Wednesday , 23 April 2014
REEW Launches New Site! - Latest Articles:
Home » Beyond Today's News » Obama’s Refinancing Program Fails to Reach Troubled Homeowners
According to a recent report, the refinancing part of Obama's Home Affordable program has failed miserably.

Obama’s Refinancing Program Fails to Reach Troubled Homeowners

Earlier this year, the Obama administration enthusiastically announced the Making Home Affordable program which was supposed to reduce foreclosures through refinancing and loan modifications held by borrowers in trouble. According to a report released by the Washington Post on Saturday, the refinancing part of the program has failed miserably.

At present, less than 3 percent of homeowners with little, no, or negative equity have refinanced their loans under this program. The program targets homeowners whose mortgage loans are underwater, which raises the likelihood of foreclosure at a later date. The program relaxes the equity requirement for refinancings on Freddie Mac and Fannie Mae mortgage loans.

According to the report, only 130,000 homeowners have participated in the refinancing portion of the program. When the Obama administration announced this program in March, it estimated that up to 5 million homeowners were potentially eligible for refinancings. So far the program has achieved a paltry 3 percent share of the total eligible homeowners.

There are reasons why homeowners with underwater mortgages have not yet participated in the Making Home Affordable program. Some homeowners do not want to pay or cannot afford to pay, the closing costs associated with the transaction. Others avoid a refinancing transaction because they would still be making monthly payments on a mortgage loan whose principal balance is still more than the value of their home. These homeowners have no desire to put more money (via closing costs) into an underwater home where it would take many years to regain all of their lost equity.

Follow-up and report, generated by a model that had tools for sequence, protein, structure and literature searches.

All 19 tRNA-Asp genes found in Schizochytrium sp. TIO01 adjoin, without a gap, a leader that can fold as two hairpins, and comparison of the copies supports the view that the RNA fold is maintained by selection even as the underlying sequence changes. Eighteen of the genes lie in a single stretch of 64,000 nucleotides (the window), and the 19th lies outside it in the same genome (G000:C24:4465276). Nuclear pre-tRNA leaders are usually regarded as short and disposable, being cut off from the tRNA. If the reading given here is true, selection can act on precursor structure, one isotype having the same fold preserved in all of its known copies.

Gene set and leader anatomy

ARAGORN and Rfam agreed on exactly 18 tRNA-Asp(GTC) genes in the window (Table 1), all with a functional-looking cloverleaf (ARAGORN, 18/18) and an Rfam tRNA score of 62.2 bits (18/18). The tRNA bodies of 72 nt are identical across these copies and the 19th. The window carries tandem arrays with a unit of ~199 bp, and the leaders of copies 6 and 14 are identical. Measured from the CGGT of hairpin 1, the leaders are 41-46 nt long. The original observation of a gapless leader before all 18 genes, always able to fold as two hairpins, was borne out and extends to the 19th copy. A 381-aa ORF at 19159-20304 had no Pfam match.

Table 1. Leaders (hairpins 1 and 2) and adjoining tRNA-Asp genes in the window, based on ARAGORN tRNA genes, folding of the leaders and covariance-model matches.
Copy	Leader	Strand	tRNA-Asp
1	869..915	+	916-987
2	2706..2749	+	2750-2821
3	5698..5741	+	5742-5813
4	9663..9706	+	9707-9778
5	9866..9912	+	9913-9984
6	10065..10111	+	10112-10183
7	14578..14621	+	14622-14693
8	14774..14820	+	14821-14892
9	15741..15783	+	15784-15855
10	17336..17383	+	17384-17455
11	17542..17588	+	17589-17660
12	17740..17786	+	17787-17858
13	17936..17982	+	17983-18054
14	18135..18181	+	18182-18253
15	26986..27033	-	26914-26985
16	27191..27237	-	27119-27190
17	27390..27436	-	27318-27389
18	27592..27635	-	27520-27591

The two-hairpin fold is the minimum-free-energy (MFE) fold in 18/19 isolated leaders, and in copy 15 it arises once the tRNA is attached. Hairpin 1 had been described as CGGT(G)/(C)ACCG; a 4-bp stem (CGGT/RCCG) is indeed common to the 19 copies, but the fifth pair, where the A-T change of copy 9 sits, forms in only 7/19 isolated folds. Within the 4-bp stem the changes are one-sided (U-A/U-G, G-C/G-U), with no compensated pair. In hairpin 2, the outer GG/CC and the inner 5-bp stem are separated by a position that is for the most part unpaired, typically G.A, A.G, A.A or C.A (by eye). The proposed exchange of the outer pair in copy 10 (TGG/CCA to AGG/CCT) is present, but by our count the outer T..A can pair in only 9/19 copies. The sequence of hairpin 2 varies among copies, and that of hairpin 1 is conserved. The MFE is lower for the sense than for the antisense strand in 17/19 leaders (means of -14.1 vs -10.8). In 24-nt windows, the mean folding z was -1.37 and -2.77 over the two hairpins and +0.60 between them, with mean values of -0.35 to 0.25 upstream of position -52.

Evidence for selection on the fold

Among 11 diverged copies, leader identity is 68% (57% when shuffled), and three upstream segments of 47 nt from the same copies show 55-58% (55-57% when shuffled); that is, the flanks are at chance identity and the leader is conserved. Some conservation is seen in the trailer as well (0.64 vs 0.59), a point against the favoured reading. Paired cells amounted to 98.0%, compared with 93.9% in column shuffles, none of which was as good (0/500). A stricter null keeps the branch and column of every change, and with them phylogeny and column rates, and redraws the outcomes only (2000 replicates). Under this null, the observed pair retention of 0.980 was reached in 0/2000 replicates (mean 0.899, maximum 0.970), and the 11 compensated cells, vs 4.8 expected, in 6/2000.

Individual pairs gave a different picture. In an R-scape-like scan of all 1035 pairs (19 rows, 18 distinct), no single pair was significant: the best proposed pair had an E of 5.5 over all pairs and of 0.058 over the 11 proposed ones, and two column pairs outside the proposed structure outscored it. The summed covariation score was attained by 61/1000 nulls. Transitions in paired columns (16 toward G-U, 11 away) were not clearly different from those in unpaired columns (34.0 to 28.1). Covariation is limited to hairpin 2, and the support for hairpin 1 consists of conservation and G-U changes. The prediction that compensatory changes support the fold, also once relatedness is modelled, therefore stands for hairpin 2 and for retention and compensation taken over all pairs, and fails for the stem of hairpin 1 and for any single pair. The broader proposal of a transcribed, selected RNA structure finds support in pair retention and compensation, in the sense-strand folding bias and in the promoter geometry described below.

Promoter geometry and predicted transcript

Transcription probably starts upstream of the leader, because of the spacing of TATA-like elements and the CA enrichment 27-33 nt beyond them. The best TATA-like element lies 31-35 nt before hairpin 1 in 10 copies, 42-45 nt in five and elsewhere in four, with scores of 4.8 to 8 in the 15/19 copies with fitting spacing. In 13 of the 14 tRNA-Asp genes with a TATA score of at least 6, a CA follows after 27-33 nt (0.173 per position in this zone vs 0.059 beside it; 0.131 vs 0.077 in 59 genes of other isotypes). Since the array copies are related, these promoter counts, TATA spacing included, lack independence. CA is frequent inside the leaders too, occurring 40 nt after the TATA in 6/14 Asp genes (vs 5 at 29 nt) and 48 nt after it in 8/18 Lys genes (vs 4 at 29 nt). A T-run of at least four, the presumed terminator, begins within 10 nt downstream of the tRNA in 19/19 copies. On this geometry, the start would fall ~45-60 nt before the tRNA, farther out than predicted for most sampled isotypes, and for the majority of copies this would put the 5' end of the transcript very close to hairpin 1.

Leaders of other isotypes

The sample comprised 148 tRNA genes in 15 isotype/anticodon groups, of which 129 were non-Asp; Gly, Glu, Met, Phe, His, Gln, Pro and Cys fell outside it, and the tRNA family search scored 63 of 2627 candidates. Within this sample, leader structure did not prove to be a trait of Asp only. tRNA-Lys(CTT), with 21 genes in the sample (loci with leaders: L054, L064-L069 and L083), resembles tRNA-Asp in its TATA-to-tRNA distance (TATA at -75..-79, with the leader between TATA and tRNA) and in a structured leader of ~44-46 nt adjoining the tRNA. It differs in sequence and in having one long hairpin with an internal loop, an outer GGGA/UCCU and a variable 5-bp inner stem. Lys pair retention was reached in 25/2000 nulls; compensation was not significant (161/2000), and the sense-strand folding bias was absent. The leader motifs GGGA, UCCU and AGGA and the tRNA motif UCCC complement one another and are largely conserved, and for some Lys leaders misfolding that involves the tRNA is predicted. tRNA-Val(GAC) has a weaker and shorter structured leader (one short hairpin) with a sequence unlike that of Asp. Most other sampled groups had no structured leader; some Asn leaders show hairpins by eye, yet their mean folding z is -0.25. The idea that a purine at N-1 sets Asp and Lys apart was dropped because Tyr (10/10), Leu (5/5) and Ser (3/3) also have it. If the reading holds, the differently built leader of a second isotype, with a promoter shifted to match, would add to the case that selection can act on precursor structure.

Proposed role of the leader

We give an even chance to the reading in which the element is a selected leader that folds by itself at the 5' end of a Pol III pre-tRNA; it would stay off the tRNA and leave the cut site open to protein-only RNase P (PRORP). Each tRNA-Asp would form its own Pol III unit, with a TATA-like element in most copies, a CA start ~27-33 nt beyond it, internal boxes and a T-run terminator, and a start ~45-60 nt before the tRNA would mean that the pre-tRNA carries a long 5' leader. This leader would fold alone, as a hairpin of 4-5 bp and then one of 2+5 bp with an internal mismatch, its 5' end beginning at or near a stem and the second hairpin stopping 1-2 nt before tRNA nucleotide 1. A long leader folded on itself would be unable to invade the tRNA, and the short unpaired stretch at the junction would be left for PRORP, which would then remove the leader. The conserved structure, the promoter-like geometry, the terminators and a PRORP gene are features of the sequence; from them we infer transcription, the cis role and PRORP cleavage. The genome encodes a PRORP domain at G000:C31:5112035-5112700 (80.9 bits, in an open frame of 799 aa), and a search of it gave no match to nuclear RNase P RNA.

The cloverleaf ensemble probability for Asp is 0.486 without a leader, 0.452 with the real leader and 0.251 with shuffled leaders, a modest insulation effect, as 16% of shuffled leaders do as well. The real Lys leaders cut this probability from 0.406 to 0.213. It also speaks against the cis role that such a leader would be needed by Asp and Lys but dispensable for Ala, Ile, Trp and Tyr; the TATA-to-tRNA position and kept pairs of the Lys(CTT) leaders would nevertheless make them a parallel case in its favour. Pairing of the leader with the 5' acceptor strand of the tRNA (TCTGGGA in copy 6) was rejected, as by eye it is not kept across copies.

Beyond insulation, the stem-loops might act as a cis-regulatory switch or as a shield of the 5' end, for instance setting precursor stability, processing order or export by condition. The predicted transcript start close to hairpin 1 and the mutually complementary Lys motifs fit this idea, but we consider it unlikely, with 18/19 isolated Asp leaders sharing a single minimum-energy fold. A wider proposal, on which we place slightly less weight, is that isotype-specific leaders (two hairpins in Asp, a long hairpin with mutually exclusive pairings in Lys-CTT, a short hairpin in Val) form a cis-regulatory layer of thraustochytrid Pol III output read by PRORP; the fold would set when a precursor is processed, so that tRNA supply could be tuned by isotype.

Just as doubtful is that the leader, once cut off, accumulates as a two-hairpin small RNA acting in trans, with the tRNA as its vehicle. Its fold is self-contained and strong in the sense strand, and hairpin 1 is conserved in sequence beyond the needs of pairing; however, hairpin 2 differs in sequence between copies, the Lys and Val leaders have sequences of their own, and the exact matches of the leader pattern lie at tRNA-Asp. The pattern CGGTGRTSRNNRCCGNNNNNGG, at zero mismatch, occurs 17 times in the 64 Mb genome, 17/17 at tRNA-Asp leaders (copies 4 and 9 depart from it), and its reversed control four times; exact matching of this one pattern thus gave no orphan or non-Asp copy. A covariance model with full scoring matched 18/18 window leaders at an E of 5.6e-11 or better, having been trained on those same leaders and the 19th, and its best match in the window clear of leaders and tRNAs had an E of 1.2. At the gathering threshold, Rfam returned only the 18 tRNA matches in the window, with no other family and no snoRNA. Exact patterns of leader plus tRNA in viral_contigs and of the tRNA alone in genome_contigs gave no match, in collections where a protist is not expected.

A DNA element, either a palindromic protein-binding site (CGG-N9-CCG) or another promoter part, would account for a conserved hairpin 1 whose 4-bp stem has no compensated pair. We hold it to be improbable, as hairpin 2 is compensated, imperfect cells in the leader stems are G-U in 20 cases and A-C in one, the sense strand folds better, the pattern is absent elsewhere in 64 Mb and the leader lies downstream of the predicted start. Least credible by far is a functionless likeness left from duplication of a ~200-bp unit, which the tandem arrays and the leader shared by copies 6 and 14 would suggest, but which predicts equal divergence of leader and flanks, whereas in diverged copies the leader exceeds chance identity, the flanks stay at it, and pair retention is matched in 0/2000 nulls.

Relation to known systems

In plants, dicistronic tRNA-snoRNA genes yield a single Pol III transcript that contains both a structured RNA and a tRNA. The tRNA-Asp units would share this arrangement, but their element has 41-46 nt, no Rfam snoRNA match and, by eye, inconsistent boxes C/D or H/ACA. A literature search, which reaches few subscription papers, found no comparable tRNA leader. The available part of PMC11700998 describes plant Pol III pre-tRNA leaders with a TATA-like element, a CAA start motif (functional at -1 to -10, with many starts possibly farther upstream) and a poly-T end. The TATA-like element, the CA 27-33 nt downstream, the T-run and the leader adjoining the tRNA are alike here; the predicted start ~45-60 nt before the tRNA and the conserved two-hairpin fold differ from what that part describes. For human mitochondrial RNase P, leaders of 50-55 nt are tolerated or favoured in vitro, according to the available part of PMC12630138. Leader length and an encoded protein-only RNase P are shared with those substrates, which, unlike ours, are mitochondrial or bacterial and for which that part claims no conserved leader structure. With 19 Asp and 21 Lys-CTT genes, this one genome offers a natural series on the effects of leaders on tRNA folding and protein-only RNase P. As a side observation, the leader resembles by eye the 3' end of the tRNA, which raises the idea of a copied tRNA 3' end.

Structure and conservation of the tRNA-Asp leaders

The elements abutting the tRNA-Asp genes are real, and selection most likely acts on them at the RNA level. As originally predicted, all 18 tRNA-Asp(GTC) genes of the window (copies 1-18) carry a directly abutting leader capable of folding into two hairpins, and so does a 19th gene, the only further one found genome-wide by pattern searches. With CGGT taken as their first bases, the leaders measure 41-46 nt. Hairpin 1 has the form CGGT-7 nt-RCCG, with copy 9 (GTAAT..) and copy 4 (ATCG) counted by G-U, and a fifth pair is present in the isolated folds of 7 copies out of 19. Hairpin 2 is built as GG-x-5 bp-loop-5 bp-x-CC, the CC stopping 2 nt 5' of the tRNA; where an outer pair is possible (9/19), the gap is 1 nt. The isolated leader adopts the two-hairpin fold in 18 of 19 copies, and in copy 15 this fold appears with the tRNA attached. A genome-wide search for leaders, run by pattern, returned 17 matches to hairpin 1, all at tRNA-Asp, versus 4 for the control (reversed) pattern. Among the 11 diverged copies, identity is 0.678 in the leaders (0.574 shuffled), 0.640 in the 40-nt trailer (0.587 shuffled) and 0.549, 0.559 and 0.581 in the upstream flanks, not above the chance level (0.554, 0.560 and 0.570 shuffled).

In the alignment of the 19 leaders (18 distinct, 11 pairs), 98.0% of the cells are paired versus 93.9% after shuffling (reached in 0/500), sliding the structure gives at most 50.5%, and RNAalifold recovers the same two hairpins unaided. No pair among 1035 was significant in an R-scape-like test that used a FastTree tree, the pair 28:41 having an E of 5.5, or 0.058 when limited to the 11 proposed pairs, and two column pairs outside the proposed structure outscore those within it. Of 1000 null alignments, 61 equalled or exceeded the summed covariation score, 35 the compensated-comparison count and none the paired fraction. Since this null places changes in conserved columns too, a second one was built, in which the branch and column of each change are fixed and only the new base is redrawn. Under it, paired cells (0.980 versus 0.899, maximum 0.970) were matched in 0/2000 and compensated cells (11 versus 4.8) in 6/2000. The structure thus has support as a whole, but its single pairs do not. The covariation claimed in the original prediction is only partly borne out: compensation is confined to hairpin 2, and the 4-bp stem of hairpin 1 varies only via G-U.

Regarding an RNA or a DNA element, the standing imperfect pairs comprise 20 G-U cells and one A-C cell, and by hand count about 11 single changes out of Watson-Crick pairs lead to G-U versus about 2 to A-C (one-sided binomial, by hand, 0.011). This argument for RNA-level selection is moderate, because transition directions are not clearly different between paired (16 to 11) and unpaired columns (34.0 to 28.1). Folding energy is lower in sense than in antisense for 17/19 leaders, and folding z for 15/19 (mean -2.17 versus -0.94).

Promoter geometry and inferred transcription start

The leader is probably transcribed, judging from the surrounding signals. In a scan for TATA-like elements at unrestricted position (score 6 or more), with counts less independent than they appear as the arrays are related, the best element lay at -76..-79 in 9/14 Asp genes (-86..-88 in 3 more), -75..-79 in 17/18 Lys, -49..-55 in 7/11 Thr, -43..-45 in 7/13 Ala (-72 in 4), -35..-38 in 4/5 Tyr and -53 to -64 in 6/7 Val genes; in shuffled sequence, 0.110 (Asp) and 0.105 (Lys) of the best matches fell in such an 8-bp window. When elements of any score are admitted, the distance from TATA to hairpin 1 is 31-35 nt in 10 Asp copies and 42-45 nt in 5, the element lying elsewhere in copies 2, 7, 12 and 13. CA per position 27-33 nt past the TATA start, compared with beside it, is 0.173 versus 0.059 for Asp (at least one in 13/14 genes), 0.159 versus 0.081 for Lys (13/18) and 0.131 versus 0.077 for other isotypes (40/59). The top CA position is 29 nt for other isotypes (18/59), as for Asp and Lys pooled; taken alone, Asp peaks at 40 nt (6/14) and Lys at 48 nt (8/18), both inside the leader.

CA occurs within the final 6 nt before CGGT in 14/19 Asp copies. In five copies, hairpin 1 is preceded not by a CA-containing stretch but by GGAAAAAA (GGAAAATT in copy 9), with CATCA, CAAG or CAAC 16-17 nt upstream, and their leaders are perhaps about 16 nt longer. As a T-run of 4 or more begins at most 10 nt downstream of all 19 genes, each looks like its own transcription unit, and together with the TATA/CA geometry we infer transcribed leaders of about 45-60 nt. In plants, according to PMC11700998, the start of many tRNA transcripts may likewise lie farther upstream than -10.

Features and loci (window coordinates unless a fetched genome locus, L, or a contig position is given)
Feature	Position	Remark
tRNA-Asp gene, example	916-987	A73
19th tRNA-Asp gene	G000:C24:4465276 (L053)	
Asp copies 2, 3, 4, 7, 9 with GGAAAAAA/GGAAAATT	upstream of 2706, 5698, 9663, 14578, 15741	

With the program getting off to a slow start earlier this year, the Treasury Department responded by raising the amount of negative equity permitted in an eligible home to a maximum of 25 percent from a maximum of 5 percent negative equity. So far this substantial change in eligibility requirements has not picked up refinancing activity.

Looking forward, future participation in the refinancing program is likely to remain weak over the next year. Foreclosure filings are expected to increase due to planned rate resets on option ARM and interest only mortgage loans. Mounting foreclosures exert upward pressure on home inventories, which in turn, exert downward pressure on home values. Falling home prices are likely to increase the number of homeowners that are holding underwater mortgage loans.

One comment

  1. A poor plan from day one. Did they really want it to succeed? How do you expect people behind on payments because they don’t have any money to put up closing costs?

Leave a Reply

Your email address will not be published. Required fields are marked *

*

You may use these HTML tags and attributes: <a href="" title=""> <abbr title=""> <acronym title=""> <b> <blockquote cite=""> <cite> <code> <del datetime=""> <em> <i> <q cite=""> <strike> <strong>